Reduce Crime and Strengthen Communities
Use data to understand crime trends.
Examine crime, arrest, and victimization data.
Expand data collection metrics.
Enhance data sharing to improve public safety.
Improve responses to people who have behavioral health needs in local criminal justice systems.
Improve the identification of people who have behavioral health needs in the criminal justice system.
Ensure that a range of behavioral health treatment and service options are available within jails and prisons and in the community for people in the criminal justice system.
Increase the effectiveness of treatment and support services to improve public safety and health outcomes.
Strengthen collaboration between behavioral health and criminal justice agencies at the state and local level.
Help local governments use jail space cost-effectively.
Support collection and analysis of jail data.
Adopt policies that improve pretrial decisions and reduce burdens on jails.
Develop crime-reduction strategies that prevent violent crime and strengthen trust in law enforcement.
Ensure that local law enforcement agencies use evidence-based policing strategies to combat violent crime.
Advance violent crime reduction efforts by improving trust and cooperation between communities and police.
Provide law enforcement officers with the necessary tools and resources to respond to the needs of their communities.
Break the Cycle of Reoffending
Use data to drive recidivism-reduction efforts.
Track and publish multiple measures of recidivism.
Expand recidivism tracking to include the probation population.
Use measures that permit more timely analysis in addition to cohort-based measures.
Set recidivism-reduction goals for people leaving prison and people on probation.
Ensure the effective use of risk and needs assessments.
Design policies to support the statewide use of risk and needs assessments.
Establish quality-assurance practices for the use of risk and needs assessments.
Improve the effectiveness of supervision to reduce recidivism.
Establish caseload sizes that allow supervision officers to focus resources on people who are most likely to reoffend.
Improve supervision workforce practices, such as hiring, training, and evaluation.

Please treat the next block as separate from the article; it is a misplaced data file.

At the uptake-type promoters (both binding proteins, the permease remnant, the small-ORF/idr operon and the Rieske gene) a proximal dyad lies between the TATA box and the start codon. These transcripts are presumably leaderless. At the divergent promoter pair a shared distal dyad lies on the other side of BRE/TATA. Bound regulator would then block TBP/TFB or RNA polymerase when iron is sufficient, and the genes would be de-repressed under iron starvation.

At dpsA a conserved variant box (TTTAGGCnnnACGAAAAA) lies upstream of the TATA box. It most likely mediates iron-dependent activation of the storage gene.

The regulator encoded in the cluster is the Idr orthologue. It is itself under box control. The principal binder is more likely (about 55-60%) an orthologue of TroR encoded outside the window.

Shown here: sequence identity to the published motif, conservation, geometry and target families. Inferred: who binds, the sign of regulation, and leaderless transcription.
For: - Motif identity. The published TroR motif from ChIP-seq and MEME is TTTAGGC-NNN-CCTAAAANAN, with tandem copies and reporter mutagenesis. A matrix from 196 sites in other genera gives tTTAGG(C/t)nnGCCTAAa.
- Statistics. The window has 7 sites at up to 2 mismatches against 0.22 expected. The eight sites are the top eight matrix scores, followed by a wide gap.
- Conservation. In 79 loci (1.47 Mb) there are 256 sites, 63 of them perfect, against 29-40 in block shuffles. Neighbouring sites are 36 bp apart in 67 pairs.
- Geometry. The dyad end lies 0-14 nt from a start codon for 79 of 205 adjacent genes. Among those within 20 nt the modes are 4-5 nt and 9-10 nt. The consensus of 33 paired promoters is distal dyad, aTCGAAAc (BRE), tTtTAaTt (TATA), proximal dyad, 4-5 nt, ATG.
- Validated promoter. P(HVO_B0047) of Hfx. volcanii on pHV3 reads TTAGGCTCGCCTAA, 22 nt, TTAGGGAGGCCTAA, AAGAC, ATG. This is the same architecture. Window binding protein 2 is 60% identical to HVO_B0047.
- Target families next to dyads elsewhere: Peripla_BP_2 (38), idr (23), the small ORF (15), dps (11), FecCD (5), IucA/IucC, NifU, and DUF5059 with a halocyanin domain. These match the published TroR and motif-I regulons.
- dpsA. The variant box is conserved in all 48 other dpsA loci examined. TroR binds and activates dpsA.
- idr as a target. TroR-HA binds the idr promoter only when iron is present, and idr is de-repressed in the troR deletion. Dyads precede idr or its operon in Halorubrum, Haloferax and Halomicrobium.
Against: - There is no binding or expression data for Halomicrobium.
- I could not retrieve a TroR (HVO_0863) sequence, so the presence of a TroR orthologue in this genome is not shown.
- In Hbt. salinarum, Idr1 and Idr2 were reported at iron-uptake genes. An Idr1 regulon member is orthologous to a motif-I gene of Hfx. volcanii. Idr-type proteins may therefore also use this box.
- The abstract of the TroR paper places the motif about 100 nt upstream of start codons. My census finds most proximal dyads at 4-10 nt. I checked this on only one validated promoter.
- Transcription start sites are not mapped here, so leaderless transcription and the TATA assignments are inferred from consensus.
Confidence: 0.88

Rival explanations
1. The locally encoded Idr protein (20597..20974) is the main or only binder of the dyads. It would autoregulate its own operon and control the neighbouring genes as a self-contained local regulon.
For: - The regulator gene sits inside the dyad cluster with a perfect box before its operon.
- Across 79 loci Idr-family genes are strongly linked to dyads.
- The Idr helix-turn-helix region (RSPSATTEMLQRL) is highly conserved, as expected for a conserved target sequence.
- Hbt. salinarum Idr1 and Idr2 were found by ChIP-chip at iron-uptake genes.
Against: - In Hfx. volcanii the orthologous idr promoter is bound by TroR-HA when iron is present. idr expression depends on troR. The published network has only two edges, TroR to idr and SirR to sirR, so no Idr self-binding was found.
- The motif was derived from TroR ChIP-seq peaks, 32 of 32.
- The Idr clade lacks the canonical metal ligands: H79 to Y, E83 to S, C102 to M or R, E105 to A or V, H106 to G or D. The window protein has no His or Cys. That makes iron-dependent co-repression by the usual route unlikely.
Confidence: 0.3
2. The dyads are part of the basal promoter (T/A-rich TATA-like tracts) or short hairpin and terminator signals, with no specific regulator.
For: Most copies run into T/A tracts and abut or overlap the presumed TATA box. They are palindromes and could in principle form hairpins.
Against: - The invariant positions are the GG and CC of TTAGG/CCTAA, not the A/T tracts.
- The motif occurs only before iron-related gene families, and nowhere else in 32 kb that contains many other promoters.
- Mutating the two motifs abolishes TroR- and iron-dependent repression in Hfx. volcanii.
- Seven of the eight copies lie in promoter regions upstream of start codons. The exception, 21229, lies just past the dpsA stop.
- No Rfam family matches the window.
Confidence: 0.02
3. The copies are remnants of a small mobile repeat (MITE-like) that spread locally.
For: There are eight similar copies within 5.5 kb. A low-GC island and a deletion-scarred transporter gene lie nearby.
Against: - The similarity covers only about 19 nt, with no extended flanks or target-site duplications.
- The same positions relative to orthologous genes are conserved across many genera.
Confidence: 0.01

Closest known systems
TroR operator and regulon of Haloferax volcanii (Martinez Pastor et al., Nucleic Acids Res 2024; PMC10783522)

Provide supervision officers with tools to respond swiftly and appropriately to the behavior of people on supervision.
Provide people on supervision with the resources they need to succeed.
Use programming and treatment that works to reduce recidivism.
Ensure sufficient availability of treatment and programs.
Reduce barriers to employment.
Reduce barriers to housing.
Use Cost-Effective Strategies to Invest in Public Safety
Examine drivers of corrections costs.
Identify how much states spend on prisons and supervision.
Analyze prison and supervision population trends to understand how they are driving costs.
Assess how state prison and supervision populations are projected to change.
Develop data-driven policy options to improve public safety.
Revise sentencing practices to prioritize prison space for people convicted of serious and violent offenses.
Promote success on supervision and use proportionate responses to respond to violations.
Improve the efficiency and consistency of the parole decision-making process and preparation for release.
Reinvest in strategies that improve public safety.
Identify funding priorities and allocate resources accordingly.
Regularly evaluate how to fund public safety priorities.
Leverage federal resources to drive innovation.
Ensure that state agencies have the capacity to collect performance measures.
Establish responsibility for reporting and monitoring results.
Educate stakeholders, policymakers, and the public to maintain momentum.
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